Bedard-Haughn et al. (2003) reviewed the use of 15N as a tracer for N cycling in landscapes. They concluded that natural 15N abundance can provide valuable estimates of the contribution of different sources or identify variation in landscape processes. Unfortunately, the large 15N spatial and temporal variabilities can limit source discrimination by masking sources' differences, whereas 15N-enriched materials are widely accepted as tracers. The use of N-enriched materials is limited by their excessive cost, and, in natural ecosystems, by possible disturbances due to an uncommon introduction of N in the environment. Overall, it has been recommended the d15N approach in semi-quantitative studies of N patterns to generate new hypotheses on N cycling, while the 15N-enriched method can be used to quantitatively test hypotheses (Bedard-Haughn et al. 2003).
The 15N tracer technique has been widely applied to estimate the leguminous N2 fixation in natural and agricultural ecosystems (Bedard-Haughn et al. 2003; Shearer and Kohl 1993). Both the d15N- and the 15N-enriched methods can be applied.
The NAM can be easily applied when the soil 15N abundance available for plant uptake is sufficiently different from atmospheric N2. The isotope effect associated with N2 fixation usually alters the 15N abundance of atmospheric N2 by no more than 2% (Bedard-Haughn et al. 2003; Shearer and Kohl 1993). Moreover, due to isotope discrimination, the 15N abundance of plant-available soil N is different from soil total N. For a correct quantification, a non-N2-fixing reference plant can be grown on the same soil and its 15N abundance analysed. Similarly, isotopic discrimination during N2 fixation can be assessed by growing a legume hydroponically (Shearer and Kohl 1993).
The 15N-enriched method can be applied following two different procedures depending on the objective of the research experiment (1) growing the legume in an 15N2-enriched atmosphere or (2) on an 15N-enriched soil after fertilization. If an 15N2-enriched atmosphere is selected, plants fix N2 with a greater 15N content than that soil. The extent to which soil N is diluted by this 15N enrichment in a fixing plant reflects the magnitude of fixation. The 15N2-enriched atmosphere method has limitations in terms of being (a) technically difficult (to prevent leaks and maintain normal environmental conditions); (b) a short-term kinetic measurement that is not useful for long-term integrated quantification of N2 fixation (Warembourg 1993).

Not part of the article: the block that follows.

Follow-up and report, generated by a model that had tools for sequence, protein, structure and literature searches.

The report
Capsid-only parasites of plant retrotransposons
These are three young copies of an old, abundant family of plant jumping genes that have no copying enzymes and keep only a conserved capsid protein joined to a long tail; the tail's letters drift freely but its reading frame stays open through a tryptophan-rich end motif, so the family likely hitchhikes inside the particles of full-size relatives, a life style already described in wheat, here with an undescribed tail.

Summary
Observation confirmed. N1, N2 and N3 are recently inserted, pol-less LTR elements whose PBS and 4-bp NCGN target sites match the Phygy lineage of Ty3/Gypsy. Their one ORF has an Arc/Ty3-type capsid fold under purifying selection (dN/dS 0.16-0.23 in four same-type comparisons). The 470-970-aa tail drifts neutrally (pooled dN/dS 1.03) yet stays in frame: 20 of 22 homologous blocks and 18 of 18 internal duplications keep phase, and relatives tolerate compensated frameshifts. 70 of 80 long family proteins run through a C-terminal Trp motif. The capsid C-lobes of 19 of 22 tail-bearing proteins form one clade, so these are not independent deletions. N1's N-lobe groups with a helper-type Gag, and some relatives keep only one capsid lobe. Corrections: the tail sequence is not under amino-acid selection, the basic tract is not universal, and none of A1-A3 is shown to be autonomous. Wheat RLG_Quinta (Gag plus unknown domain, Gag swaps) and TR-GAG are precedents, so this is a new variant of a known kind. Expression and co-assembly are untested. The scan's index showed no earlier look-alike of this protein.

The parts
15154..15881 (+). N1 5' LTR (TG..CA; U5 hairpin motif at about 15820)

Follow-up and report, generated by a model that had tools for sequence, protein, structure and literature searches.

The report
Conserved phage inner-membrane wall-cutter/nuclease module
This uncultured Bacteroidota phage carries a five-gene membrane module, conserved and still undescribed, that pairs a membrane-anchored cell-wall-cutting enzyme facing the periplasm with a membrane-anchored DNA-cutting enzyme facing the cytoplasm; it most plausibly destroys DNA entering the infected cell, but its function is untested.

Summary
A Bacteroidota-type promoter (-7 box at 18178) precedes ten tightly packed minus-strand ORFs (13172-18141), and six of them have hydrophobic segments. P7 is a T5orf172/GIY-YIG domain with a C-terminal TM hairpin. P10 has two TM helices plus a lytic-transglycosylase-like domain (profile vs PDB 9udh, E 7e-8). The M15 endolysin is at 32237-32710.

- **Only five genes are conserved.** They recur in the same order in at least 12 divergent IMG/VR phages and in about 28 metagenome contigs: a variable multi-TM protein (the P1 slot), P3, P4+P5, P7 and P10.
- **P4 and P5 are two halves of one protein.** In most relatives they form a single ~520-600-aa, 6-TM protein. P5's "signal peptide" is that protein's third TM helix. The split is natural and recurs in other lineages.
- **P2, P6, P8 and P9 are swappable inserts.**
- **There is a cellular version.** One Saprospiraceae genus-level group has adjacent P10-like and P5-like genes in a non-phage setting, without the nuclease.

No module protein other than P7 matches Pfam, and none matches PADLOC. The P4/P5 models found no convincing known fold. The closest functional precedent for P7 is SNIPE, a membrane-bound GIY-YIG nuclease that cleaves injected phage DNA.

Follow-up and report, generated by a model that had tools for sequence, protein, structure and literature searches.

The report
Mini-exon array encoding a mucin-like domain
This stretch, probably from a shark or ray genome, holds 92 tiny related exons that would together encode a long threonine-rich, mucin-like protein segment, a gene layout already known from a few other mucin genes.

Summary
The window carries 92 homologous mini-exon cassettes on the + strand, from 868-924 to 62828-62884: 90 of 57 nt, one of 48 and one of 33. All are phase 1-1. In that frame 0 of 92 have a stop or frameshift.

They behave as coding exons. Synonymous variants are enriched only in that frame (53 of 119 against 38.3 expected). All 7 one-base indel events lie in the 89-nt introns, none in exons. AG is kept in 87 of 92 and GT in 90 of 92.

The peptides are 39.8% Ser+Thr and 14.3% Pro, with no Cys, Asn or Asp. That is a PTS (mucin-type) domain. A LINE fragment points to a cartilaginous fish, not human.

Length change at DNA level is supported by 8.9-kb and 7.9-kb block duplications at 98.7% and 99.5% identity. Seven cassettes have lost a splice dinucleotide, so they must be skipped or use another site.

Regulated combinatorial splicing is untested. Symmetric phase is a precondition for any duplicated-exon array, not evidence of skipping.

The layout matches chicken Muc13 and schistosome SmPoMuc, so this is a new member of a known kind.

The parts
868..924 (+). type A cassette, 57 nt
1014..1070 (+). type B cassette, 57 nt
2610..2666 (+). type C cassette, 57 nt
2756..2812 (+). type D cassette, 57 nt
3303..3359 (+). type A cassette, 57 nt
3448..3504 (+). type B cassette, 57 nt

The 15N-enriched fertilizer method, also known as 15N isotope dilution method, consists in adding 15N to soil. Unlike the 15N2-enriched atmosphere method, plants absorb N from soil containing more 15N content than atmosphere. The 15N dilution of atmospheric N reflects the magnitude of fixation. The main limitation is the need to estimate the 15N abundance of the N uptake by plants from soil through the analysis of 15N abundance in a reference plant. This kind of quantification is necessary since the addition of a labelled fertilizer makes difficult to assume a uniform mixing with soil N.
Various calculations are available when natural abundance or 15N isotope dilution methods are applied. When a reference plant is used, the following model is applied (Shearer and Kohl 1993; Hauggaard-Nielsen et al. 2003, 2009):
„ d15N reference plant — d15N fixing plant
d15N reference plant — d15N fixing plant grown hydroponically x 100.
A simplified calculation for the isotope dilution method accounts for the isotope discrimination (Warembourg 1993):
%Nf N atom% 15N fixing plant ^^ atom%15N reference plant
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